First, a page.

The Teen Titans are on the run! After a rough battle in the Birdcave, the team has flown the coop. Robin hopes to regroup and make a better showing next time, but the best solution may be far simpler—and far worse—than he had hoped. Major spoilers about the end of this issue ahead.
More of the same—which is pretty good
The story begins, as it did last time, in flashback, only this time we get to see Damian and his cousin Mara, before the son of Batman abandoned his place in the League of Assassins and left for Gotham. Percy writes Damian-as-insufferable-jerk quite well here, making Mara’s vindictive pursuit of the Titans far more sympathetic than it did last issue: the young Robin is contending with a monster of his own creation.
There’s some good conversational dynamics in the rest of the book, and some welcome humor courtesy of Beast Boy and Kid Flash, but there’s also something I had hoped we could leave behind with The New 52:
This sort of “they think we can’t handle it” whining happened a lot in both of the previous Teen Titans runs, and it’s tough to read. It’s one thing for young heroes to bemoan an unwarranted lack of respect—such as during the first season of Young Justice—but, it’s quite another when these heroes are either untested or have come up wanting once they are tested. I get it—Damian’s an arrogant kid, and he’s the last person who would ask for help cleaning up a mess like this. But for this moment, he’s reading more like the horribly-written Red Robin from the New 52 days.
And speaking of character problems, here’s how things come to a close:
I understand the basic logic of this, and why Damian thinks it will save the team, but unless it’s a ruse, this just makes no sense. Joining back up with Ra’s means becoming an assassin again. After all of the excellent work done by Tomasi and Gleason to bring this character from conflicted to confidently by his father’s side, this feels like a substantial step in the wrong direction. Given that we’re getting Damian’s thoughts in the narration boxes, I have no choice but to believe that he is sincere, or that Percy is deliberately misleading us with narration. I’m not nuts about either scenario.
On the plus side, Percy’s artful, prosey narration makes a lot more sense for Damian than it did for Green Arrow back during the writer’s first run with that character. Young Master Wayne would no doubt be well-read, and so the reference to Browning’s Childe Roland works on a character level, even if the reference feels a bit forced in this particular story.
Welcome, Khois Pham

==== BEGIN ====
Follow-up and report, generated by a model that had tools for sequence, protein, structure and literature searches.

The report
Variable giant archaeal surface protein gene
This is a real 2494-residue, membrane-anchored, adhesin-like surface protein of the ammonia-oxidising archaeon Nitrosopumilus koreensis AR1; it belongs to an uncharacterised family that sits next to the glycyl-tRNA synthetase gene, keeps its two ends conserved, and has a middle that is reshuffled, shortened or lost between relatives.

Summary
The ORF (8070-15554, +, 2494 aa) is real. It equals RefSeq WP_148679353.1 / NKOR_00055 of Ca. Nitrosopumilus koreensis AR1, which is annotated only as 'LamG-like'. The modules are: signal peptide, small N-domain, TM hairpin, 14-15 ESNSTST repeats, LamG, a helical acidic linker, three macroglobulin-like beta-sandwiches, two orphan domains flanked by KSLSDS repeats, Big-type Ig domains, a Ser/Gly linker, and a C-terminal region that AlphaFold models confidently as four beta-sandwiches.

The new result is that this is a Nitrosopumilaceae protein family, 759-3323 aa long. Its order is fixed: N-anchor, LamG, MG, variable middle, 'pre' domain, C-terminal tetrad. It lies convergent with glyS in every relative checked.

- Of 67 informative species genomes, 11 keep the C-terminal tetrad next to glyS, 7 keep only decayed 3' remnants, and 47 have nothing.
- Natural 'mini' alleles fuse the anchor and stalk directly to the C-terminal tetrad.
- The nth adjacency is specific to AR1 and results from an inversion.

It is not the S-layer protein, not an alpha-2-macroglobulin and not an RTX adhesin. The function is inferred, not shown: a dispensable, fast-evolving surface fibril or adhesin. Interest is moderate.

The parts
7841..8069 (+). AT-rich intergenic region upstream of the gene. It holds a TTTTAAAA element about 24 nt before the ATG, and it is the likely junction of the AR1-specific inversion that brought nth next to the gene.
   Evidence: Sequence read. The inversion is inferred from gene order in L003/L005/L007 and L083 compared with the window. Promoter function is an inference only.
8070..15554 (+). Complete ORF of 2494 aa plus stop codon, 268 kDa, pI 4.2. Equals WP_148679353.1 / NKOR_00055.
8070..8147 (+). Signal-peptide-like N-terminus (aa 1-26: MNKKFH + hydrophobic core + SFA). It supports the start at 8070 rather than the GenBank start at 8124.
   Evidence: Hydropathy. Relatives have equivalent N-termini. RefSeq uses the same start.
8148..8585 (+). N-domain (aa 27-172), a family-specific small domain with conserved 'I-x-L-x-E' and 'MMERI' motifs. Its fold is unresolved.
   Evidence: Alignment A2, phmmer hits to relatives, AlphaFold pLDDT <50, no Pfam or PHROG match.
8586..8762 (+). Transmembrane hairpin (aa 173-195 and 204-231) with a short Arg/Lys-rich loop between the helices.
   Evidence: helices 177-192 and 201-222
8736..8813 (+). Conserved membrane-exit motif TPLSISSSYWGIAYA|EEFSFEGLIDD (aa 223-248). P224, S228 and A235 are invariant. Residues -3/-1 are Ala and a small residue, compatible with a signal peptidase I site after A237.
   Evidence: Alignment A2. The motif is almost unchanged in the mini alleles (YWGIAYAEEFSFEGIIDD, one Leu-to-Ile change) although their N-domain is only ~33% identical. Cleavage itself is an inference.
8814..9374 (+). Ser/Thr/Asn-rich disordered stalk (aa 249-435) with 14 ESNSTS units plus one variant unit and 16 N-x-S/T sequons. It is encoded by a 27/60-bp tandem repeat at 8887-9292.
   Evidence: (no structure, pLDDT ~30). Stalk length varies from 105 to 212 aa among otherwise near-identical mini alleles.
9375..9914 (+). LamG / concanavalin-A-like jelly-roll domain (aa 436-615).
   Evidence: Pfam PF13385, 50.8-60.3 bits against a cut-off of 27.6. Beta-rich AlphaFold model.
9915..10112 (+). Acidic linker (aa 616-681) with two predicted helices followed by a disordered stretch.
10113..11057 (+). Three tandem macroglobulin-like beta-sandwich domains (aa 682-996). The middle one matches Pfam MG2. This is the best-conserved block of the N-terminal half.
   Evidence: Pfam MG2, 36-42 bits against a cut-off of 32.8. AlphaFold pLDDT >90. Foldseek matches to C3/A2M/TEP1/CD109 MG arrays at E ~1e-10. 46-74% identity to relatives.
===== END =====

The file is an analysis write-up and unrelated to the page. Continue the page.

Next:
New series artist Khoi Pham joins the team this month, and his work on the opening flashback shows considerable storytelling skill. The conflict between Damian and his cousin Mara gets most of the attention, while their grandfather Ra’s only appears in wider shots. Those wider shots are also the only ones that feature any scenery, making the close-up swordplay feel very personal. The setting in those moments is, in a sense, Damian and Mara’s private battleground.
Most folks reading this book probably know who Ra’s is, and can even recognize him by his distinctive features, but Pham’s strategic use of him in the layouts helps keep the focus on his grandchildren. Certainly, his lack of dialogue helps; however, even wordless close-ups would have made him a bigger player in this scene, so credit to Pham for a good sense of just how much we needed to see.
Pham likewise nails the action in this opening sequence. If you were disappointed at the departure of Jonboy Meyers for aesthetic reasons, then you may still be disappointed; but if Meyers’s energy was the main draw, you should find Pham an excellent replacement. Unfortunately, the plot transitions to a series of conversations for the rest of the issue, so we don’t get as much action as we might want, but at least Pham gets a chance at the beginning to show us what he can do.
Sadly, things aren’t as commendable during the rest of the issue. With the fighting pyrotechnics left behind, Pham’s character work needs to carry more weight, but it struggles to do so. He has problems with facial consistency throughout, sometimes producing panels that look as though they were penciled by an altogether different artist. Even gestures and posture get a bit weird, and those were both strong categories in the introduction. None of it looks terrible all on its own, but it’s difficult to get immersed with all these things trying to yank me out of the story.
Some notable problems, but no story-killers
So the plot has its weaknesses, and the artwork has trouble once the story gets more intimate, but it still largely works. Fun with Gar and Wally, an excellent flashback, and a grave ending (even if it does flow out of poor character work) help keep Teen Titans afloat for another installment.
- You appreciated Jonboy Meyers for his layouts and energy, but weren’t too attached to his aesthetic.
- You’re new to Damian Wayne.
Teen Titans #3 is a mixture of quality very much in line with the earlier installments in this series. Comic relief and gravitas distract from the sometimes questionable character work, while an overall decent outing from new artist Khoi Pham helps start things off with enough pizazz to carry a lot of weight once things slow down later on.